Albemarle-Charlottesville Regional Jail Works to Keep Costs Down
Costs are down at the Albemarle-Charlottesville Regional Jail. Factors like housing fewer inmates last year saved it $200,000.
Two years ago, the jail housed about 550 inmates. The number is currently around 400. Now, jail staff is hoping to cut down on food and medical costs.
Jim Hartman, the director of food services for Albemarle-Charlottesville Regional Jail, says costs can be cut down dramatically through buying up surplus or overruns from food companies selling to correctional facilities.
"They deal only with a correctional environment so the prices are much better than in the open market,” said Hartman.
"We'll shop for other vendors. There are other ways we can get the same quality, the same quantity by maybe going to another vendor,” said Lt. Col. Martin Kumer, interim superintendent at Albemarle-Charlottesville Regional Jail.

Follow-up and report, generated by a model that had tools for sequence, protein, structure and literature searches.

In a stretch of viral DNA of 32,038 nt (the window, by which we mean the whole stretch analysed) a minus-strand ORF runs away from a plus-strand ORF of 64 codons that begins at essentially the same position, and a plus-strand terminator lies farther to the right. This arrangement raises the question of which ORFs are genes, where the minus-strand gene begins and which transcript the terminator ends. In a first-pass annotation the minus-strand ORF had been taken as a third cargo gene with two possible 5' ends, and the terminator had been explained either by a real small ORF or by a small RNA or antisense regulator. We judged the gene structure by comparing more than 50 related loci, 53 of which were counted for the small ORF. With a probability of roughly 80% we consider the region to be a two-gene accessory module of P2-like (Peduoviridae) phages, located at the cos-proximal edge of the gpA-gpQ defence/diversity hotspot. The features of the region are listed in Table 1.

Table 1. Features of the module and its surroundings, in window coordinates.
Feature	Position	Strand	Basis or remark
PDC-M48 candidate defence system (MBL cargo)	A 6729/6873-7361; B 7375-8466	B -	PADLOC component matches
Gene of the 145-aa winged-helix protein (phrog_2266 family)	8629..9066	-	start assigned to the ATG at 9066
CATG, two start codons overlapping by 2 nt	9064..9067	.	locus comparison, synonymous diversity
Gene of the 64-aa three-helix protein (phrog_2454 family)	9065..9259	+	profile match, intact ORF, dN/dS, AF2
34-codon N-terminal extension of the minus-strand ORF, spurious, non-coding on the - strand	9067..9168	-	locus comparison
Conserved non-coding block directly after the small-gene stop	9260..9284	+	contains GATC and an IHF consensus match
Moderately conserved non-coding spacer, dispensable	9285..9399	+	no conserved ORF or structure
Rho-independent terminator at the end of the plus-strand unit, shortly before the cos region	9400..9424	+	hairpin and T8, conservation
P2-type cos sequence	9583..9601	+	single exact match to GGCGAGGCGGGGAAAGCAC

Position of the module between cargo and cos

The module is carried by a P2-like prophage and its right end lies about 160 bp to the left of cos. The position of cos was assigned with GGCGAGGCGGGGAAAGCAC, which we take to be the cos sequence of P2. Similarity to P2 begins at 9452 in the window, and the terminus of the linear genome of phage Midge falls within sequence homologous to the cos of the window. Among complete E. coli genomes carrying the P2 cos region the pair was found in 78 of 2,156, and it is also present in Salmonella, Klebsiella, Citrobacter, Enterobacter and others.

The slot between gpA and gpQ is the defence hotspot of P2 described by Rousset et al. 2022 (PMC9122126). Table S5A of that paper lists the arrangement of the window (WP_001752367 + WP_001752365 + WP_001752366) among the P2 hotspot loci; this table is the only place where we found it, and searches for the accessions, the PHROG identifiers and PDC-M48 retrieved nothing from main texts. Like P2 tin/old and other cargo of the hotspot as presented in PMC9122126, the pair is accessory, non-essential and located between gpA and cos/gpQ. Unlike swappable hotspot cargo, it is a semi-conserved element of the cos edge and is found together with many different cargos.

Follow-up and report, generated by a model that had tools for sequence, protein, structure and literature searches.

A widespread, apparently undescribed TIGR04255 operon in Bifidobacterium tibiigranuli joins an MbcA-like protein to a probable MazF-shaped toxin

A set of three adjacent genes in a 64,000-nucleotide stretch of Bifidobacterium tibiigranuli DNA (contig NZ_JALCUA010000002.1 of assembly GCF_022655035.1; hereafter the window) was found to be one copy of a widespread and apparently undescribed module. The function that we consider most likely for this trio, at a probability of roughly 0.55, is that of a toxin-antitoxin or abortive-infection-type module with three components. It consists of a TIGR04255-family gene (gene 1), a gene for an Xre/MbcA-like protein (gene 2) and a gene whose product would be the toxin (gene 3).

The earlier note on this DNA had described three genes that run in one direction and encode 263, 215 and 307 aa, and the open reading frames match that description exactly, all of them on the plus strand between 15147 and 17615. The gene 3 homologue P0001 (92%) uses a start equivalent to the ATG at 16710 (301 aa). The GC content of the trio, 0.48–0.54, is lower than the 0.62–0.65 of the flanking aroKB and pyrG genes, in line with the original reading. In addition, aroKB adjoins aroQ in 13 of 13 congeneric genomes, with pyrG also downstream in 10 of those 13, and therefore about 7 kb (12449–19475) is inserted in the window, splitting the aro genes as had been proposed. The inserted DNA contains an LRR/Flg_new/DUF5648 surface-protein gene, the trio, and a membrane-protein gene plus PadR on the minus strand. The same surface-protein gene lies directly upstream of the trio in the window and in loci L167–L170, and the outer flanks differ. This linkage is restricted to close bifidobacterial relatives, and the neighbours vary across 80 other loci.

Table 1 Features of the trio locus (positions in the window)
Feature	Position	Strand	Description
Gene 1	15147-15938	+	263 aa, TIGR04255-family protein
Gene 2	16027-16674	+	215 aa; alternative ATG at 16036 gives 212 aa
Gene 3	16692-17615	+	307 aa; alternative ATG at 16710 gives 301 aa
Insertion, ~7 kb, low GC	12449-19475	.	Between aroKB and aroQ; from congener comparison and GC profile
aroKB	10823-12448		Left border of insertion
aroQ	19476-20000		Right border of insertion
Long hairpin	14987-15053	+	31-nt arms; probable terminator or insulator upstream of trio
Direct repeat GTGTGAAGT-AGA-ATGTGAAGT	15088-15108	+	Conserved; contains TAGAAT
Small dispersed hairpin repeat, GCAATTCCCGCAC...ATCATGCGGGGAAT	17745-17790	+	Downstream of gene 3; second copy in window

Jail staffers aren't just shopping around for food deals, but medical deals as well.
"If we can get it cheaper at Walmart, a certain over-the-counter medication, we will go to Walmart to pick up that medication opposed to buying it through a pharmacy vendor,” said Kumer.
Kumer says jail employees aren't being laid off, but as they retire or quit, some of their positions are not refilled.
This year, one inmate unit, which typically houses dozens of people, is empty, saving the jail about $250,000.
"That housing unit is staffed 24 hours a day. Well now that that housing unit is gone we're not using it anymore. That's four officer positions that if somebody retires or resigns I don't have to refill that position,” said Kumer.
Kumer says the decrease in jail costs doesn't necessarily reflect an increase or decrease in crime numbers, but he says last year the number of people arrested in Albemarle County and brought to the jail was down.
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